Deciding to place an elderly family member in a nursing home can be a very difficult decision, and it gets even more difficult when you’re not sure if they’re truly being taken care of. Elders may seem fine when you visit with them, but they may be hiding details of abuse for fear or embarrassment—or because they simply don’t understand what’s happening to them. According to the National Council on Aging, one out of ten elders 60 years and up have experienced some type of abuse.
If you suspect that your elderly family member may have been abused, and want to prevent future abuse, you’re not alone. Here are five signs to look for if you suspect your loved one has experienced abuse.
- Changes in personality. You know your loved ones better than anyone else, so it’s important that you look out for any personality shifts. Elders who have experienced abuse often seem depressed, withdrawn, disinterested in hobbies, nervous or fearful, or display other types of unusual behavior. Pay close attention to how your elderly relative acts, and do your best to be aware of any changes in personality.
- Visible injuries. If elders have experienced physical or sexual abuse, they may have bruises, scratches, or other injuries on their bodies. These injuries can sometimes be in places covered up by clothing, making them hard to notice. Additionally, pay attention to the caregivers’ language. If you ask about an injury and they say “she ran into a wall” or “he tripped”, don’t ignore it. These odd or vague explanations may be signs that abuse is happening.
- Poor hygiene or weight loss. A common type of abuse elders experience is neglect. This can be caused by physical neglect—either intentional or unintentional, if the residence is understaffed and overpopulated. Pay attention to your loved one’s physical state: Are their clothes dirty? Do they have all the medical aids they need, like canes or hearing aids? If elders have unusually messy homes or bedsores, they may be experiencing neglect.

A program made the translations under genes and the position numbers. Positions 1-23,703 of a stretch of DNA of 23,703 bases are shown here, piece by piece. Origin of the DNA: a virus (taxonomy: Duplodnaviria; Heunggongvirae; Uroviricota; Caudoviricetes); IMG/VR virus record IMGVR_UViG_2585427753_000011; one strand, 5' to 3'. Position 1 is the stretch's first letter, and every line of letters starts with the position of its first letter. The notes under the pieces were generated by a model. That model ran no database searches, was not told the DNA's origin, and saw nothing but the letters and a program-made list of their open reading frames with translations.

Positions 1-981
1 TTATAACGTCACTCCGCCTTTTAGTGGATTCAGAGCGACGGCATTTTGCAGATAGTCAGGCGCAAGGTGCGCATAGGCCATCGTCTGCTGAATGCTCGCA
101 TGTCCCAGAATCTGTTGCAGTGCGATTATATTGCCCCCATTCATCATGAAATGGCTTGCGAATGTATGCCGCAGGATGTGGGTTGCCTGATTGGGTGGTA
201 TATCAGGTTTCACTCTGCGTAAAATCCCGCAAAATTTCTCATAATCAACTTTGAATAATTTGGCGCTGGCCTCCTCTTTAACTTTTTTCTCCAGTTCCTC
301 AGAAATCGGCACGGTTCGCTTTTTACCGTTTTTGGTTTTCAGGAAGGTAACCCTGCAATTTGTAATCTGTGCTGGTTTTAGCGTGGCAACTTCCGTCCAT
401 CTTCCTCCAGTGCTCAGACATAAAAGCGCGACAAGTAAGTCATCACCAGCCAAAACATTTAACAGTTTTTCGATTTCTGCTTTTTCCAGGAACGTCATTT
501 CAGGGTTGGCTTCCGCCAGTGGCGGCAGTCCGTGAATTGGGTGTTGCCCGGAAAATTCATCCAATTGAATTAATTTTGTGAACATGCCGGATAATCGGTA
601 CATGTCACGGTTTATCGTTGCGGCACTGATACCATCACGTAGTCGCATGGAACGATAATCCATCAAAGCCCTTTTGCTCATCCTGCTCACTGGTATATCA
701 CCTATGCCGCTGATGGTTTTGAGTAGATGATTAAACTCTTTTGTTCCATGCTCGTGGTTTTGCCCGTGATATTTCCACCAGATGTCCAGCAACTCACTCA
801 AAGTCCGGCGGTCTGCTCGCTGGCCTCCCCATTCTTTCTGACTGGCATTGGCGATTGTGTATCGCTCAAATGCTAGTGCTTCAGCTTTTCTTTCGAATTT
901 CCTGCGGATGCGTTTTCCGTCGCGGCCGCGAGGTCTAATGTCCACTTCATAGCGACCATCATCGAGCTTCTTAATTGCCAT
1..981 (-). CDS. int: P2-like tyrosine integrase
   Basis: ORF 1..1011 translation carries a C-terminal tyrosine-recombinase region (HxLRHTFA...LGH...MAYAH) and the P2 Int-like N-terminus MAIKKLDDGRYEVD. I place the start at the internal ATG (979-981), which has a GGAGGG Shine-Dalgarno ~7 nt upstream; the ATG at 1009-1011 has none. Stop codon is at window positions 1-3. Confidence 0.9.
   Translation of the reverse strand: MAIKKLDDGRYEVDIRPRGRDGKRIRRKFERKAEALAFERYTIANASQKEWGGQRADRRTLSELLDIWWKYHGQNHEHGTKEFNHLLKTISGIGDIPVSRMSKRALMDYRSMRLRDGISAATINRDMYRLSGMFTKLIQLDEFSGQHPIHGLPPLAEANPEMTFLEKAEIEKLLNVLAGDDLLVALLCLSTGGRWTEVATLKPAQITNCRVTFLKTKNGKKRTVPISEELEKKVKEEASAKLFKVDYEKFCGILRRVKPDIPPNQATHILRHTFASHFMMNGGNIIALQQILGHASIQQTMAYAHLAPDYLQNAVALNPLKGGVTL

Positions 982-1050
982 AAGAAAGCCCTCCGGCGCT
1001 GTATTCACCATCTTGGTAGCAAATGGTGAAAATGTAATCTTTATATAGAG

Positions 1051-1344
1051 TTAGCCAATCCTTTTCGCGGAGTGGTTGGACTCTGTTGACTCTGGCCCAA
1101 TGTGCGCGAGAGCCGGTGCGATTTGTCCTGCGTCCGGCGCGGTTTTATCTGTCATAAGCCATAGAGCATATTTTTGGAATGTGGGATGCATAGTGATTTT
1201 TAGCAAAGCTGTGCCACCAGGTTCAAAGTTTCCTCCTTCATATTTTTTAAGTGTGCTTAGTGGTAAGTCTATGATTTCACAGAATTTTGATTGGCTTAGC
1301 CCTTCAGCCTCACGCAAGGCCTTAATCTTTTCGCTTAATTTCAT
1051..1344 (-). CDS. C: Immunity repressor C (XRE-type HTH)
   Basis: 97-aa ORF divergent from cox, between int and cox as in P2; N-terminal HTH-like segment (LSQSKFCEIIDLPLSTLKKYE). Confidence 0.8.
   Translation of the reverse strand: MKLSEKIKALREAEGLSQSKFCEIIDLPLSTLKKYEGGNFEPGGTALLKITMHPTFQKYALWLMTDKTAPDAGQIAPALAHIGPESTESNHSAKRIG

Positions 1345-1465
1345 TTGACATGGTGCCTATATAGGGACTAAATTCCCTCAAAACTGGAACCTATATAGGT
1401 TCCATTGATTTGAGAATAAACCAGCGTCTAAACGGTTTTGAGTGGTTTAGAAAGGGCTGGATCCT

- Tense relationships with caregivers. Elders spend much of their time with caregivers, and those relationships should never be toxic. Pay attention to how they interact with each other. Your loved one should never behave fearfully or nervously when interacting with their caregiver, and the caregiver should never yell or scream at your loved one. If you notice a tense caregiver/elder relationship, that may be a sign of emotional or physical abuse.
- Change in financial situation. Many elders are not able to understand or manage their finances, which can tempt abusers. If you notice any changes in you loved one’s finances, such as unpaid bills or disappearing funds, pay attention. Unfortunately, financial elder abuse is very common, and it may be happening to your loved one.
If you suspect that you or someone you love is the victim of elder abuse or neglect, immediately contact an experienced Colorado elder abuse lawyer to get the justice you and your loved one deserve.